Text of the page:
Park Slope Methodist Church book sale expands to four days this year

park slope united methodist church book sale

People at last year’s book sale looking for good books to give a good home to. via Facebook

If there’s one thing I envy about Christianity, it’s that churches know how to party. After seeing a thrift store underneath one, a pop-up restaurant inside another one and an NYU dorm disguised as one, and I’m officially jealous. And starting Thursday night, the Park Slope Methodist Church’s annual book sale is all set to be another must-attend event for socialites, Brooklynites, and neophytes alike—not to mention people who still read hard-copy books.

The book sale is four days long this year, covering  Thursday and Friday evening, all day Saturday and all afternoon Sunday. This ain’t your momma’s thrift shop, either: with a book stock of “tens of thousands” priced at $1 or $2 each and tons of CDs (what?) DVDs (huh?) and records (awww, yeah!), there’s sure to be something you’re looking for even if you didn’t know you were looking for it. Like that one sale where I picked up a French version of a Dostoyevsky novel because, duh, it was French and Dostoyevsky.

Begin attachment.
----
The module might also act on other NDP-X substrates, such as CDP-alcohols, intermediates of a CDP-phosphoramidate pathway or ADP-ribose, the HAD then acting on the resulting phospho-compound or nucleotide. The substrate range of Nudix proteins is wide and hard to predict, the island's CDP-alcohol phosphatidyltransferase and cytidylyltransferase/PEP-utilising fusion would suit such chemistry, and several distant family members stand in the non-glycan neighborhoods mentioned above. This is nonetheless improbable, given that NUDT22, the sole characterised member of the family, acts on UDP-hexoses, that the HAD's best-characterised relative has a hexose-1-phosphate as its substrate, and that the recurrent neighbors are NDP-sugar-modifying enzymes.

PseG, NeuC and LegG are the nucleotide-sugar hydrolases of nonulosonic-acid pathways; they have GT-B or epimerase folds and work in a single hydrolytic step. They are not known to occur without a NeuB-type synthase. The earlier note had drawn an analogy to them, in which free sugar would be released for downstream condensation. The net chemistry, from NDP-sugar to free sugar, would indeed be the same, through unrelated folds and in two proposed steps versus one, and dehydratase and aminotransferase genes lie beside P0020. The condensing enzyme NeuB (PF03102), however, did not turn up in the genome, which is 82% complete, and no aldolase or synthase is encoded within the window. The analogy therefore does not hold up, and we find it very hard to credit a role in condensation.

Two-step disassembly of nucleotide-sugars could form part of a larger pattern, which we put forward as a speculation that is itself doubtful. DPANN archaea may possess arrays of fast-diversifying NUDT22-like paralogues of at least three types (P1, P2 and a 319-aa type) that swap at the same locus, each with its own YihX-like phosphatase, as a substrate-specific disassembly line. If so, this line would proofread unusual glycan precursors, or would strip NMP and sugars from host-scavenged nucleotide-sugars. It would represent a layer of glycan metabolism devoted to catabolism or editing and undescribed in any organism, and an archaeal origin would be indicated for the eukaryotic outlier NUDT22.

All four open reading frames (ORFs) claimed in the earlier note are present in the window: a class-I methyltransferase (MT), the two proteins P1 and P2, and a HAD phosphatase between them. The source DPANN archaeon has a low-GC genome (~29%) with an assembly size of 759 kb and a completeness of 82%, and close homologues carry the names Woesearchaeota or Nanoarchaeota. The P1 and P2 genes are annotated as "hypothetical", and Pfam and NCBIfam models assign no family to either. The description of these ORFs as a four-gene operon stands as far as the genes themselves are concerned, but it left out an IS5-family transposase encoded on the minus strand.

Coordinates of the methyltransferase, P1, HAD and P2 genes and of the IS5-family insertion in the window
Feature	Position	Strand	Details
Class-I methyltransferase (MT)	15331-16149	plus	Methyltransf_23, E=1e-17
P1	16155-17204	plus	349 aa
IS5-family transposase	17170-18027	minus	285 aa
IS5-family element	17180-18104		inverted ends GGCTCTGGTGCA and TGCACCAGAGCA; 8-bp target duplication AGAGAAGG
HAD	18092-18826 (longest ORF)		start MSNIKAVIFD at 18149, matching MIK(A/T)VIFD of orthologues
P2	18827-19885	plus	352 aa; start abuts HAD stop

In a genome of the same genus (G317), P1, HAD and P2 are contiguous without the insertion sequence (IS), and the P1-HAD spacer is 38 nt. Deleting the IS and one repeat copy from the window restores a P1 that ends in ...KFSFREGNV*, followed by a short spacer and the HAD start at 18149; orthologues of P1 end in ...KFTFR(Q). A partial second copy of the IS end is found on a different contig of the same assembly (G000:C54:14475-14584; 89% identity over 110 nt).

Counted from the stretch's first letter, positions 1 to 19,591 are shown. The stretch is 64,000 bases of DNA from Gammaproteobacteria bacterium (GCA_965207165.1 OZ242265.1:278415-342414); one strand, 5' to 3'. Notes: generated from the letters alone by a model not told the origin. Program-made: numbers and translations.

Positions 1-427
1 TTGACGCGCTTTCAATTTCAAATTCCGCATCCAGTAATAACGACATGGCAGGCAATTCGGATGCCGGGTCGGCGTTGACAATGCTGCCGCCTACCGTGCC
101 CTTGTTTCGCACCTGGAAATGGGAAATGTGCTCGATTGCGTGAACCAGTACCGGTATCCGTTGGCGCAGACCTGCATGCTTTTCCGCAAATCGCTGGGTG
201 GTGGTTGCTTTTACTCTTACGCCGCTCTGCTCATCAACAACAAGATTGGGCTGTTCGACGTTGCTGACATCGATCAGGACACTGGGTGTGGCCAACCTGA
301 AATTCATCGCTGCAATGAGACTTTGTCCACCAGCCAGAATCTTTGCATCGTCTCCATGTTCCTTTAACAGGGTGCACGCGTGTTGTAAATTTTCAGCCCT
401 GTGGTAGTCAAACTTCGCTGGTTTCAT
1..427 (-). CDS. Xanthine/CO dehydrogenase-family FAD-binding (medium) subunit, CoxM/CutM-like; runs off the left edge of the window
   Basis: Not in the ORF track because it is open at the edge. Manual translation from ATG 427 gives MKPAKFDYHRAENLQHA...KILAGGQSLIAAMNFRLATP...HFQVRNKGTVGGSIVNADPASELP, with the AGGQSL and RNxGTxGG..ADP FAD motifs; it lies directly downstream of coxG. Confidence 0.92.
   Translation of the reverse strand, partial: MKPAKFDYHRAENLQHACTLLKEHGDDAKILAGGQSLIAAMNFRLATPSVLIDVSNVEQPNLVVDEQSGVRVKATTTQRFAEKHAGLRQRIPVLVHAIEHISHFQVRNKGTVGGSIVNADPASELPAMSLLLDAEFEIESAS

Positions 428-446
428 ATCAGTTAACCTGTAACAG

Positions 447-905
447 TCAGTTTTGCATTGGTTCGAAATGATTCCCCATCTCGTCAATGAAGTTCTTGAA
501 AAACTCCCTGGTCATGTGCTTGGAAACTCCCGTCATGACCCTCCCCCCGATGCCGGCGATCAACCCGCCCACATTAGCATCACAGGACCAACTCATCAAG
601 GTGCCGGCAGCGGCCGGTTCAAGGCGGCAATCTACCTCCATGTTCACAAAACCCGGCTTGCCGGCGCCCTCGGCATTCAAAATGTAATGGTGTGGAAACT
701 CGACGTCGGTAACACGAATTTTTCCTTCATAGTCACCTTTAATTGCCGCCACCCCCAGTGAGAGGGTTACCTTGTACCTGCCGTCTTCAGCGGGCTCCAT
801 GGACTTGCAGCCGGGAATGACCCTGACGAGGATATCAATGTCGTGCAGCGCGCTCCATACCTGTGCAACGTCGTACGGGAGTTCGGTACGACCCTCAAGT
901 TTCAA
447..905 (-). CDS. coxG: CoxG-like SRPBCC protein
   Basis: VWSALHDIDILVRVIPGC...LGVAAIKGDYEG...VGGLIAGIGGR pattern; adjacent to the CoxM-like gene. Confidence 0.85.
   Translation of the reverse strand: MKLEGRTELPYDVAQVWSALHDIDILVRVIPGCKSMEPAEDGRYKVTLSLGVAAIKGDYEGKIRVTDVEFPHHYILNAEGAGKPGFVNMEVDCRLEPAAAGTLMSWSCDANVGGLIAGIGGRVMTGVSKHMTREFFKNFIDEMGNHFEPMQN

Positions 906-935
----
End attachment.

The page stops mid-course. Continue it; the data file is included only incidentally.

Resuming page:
If you want to make sure you’re not picking through scraps this weekend, you can get early entry to the book sale on either Thursday or Friday. Thursday’s early bird entrance will run you $20, for what PSUMC is calling their “Premium Preview Sale” on Thursday. If that’s too steep, you can grab a $5 ticket to Friday night’s sale. And if even that’s too much, Saturday and Sunday will be totally FREE.

The church is accepting tax-deductible donations of unwanted goods—and will actually pick them up from you—but only at certain times on each day, so do be sure to check before boxing up your library.

The sale’s a great opportunity to put away your Kindle and pick up a nice, worn copy of something for the subway. You’re less likely to get robbed for a book than a Kindle, and more likely to invite the attention of someone who will later post a missed connection to Craigslist about how “enchanting” you looked with that French Dostoyevsky novel. It’s fine, they don’t know you don’t know French.